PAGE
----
Helpful presentations for students 

Here you can find helpful presentations for students  during their German year:



You as a student are responsible for finding your accommodation in Germany, the GJU IAD cannot help individually.   

Most universities in Germany offer student accommodation (dorms). If not, they will help you in finding private housing. Please read through the following carefully:  

Please note the following general features of student dorms in Germany: 

  1. Although rooms are single rooms, kitchen and bathroom are normally shared between several male and female students. 

  1. If you prefer to live in a gender separated dorm, please inform the German IAD about it while applying. Our German partner IOs will try to satisfy your request, but unfortunately, no claim can be raised.  

  1. Some dormitories offer single apartments with own bathroom, kitchen and shower. But these are usually more expensive than single rooms and not always available. 

  1. Rental fees vary between 200 and 400 EURO per month. 

  1. Depending on the university you are going to, a rent deposit of about two months has to be paid in advance. 

  1. Some dorms require the full six months rent up-front. 

  1. University dorms are very scarce, so every offer should be taken into consideration. 

It is difficult to find accommodation privately. It is also more expensive and apartments are usually unfurnished. 

How to find accommodation in Germany  

For private housing, you might consult the following websites: 

German students very often live in shared flats (WGs = Wohngemeinschaften). This is a very economic and highly sociable option for exchange students. For this option, check the websites below: 

Scan the QR code below to view the list of websites that can be used to find accommodation in Germany:  


Laws and regulations in Germany 


As all GJU Bachelor students will absolve a year in Germany as part of their studies, it is important to be aware of the laws and regulations that apply in Germany. Not abiding by the law can have serious monetary consequences, or, in especially grave situations, could lead to legal consequences. While often taking your German peers as an example is a good guide for what you may and may not do in Germany, it is important to be aware of some of the basic regulations that will apply no matter where in Germany you happen to go. While this list is far from comprehensive and we strongly advise to inform yourself about local laws and regulations, here are a few things to be aware of during your year in Germany: 

  • Registering in your city: 

When you arrive to Germany, every student must register with the city in which they are enrolled at the local government/municipality. This should be done within two weeks (14 days) of arrival to the city. 

Registering with your city is mandatory, failing to do so could incur a fine of up to 1000 Euros.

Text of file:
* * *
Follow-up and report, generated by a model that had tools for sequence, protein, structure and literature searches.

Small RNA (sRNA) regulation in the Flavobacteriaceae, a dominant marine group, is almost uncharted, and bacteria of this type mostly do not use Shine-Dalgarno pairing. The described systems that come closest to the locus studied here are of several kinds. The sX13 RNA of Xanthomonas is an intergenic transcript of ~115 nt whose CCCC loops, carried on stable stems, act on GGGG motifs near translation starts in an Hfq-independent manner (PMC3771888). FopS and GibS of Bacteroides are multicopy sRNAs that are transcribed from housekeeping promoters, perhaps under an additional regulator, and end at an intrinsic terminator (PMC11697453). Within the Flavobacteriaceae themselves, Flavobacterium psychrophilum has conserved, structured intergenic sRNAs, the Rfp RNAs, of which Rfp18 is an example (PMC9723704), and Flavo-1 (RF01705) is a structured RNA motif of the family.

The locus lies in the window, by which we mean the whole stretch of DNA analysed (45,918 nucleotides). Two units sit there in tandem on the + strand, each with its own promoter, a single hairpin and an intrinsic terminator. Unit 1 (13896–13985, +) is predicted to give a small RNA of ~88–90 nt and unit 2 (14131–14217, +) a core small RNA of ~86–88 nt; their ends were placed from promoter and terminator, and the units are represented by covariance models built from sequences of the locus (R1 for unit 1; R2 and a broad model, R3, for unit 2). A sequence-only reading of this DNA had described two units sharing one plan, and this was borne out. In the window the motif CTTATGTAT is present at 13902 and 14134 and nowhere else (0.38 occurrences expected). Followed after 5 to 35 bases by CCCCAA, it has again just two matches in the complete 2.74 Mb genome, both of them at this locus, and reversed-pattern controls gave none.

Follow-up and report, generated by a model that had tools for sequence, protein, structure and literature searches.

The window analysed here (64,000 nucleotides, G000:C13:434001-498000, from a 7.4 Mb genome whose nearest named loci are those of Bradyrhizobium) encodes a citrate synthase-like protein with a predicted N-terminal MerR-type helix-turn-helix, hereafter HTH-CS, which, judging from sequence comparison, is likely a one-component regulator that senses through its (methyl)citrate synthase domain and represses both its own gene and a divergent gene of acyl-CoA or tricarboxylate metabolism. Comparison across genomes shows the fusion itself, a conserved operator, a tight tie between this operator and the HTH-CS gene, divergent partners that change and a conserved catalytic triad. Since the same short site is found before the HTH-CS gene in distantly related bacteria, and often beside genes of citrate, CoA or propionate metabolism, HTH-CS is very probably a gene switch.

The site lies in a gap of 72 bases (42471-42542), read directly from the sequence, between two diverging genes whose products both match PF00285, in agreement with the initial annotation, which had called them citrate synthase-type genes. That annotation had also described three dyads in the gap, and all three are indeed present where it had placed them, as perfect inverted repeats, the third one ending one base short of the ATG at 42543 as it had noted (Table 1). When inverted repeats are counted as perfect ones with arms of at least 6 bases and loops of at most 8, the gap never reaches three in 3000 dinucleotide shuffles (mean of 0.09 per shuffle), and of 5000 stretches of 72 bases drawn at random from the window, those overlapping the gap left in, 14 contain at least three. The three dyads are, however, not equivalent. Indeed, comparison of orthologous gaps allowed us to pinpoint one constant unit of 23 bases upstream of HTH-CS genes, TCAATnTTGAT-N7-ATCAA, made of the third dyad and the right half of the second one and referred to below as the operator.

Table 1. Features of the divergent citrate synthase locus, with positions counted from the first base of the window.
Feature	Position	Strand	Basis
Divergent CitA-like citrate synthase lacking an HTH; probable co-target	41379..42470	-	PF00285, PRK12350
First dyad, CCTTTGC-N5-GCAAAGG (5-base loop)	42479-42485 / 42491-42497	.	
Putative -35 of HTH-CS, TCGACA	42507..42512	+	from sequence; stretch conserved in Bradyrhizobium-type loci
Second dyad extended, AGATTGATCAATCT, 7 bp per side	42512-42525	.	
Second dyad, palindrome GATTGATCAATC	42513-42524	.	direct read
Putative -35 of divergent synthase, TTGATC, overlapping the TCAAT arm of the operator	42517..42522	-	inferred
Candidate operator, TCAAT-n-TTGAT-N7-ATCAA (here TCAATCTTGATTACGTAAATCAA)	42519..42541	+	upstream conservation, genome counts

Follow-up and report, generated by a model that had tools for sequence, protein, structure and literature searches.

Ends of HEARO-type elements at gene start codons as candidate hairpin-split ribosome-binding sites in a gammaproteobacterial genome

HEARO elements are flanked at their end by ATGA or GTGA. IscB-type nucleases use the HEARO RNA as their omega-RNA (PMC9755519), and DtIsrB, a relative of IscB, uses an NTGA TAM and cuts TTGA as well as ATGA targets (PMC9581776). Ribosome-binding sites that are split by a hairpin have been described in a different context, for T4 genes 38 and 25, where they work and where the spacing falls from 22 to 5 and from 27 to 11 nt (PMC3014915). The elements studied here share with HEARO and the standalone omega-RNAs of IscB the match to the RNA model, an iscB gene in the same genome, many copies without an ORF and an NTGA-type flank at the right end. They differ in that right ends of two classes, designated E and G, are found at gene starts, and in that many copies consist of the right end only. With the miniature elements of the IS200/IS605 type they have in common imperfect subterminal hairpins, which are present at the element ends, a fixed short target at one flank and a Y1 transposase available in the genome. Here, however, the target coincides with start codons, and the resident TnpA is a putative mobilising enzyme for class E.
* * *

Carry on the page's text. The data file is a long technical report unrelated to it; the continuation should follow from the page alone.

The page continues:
• ID Cards: 

From the age of 16, a valid identity card is required for every person resident in Germany. Persons with German or EU citizenship require an identity card or passport. Persons who are not citizens of an EU country must have a valid passport. 

While it is not mandatory by law to carry an identity card or passport at all times, a police check may ask people to show identification in various situations. If a person's identity cannot be easily established, the police may search and even detain that person to try to establish their identity at the police station. To avoid the risk of such inconveniences, it is advisable to always carry official identification, even though this is not necessarily required by law. 

  • Pedestrian Crossing: 

In Germany, traffic lights for pedestrians are bound the same way they are for other road users. Pedestrians who cross a road while the pedestrian traffic light is red can be subjected to fines. Doing so in the presence of other pedestrians, especially with children, is considered showing a bad example. 

Pedestrians crossing a road at a place where there is no regulated pedestrian crossing are expected to do so in a manner that does not slow traffic or risk accidents. Any pedestrian causing an accident by crossing a road within 50 meters of a regulated crossing can be held liable for the damages caused by the accident. 

  • Traffic rules: 

For detailed information on traffic rules in Germany, please see the German Road Traffic Regulations

Even if you are not driving yourself, there are a number of rules to be aware of. For instance, if any vehicle with a siren and lights (such as police or an ambulance) is heading toward you on the road, it is required to make space for this vehicle. In the case of an ambulance needing to get through traffic, this is called a ‘Rettungsgasse’ (rescue path). Obstructing this rescue path can result in a fine between 20 EUR and 300 EUR. It is forbidden to use the cleared path to overtake traffic. 

  • Public transport: 

Many outgoing students will have a Semester ticket (a student ticket for public transport) as part of their university enrolment. This is seen as a valid ticket for regional transportation in an area defined by the ticket. It will include only regional means of transport (busses, trams, regional trains, subway), and will not include fast or distance trains (IC, ICE). 

There are a number of other means of transport available and used commonly in Germany, however, so it may be helpful to be aware of general rules and regulations pertaining to these.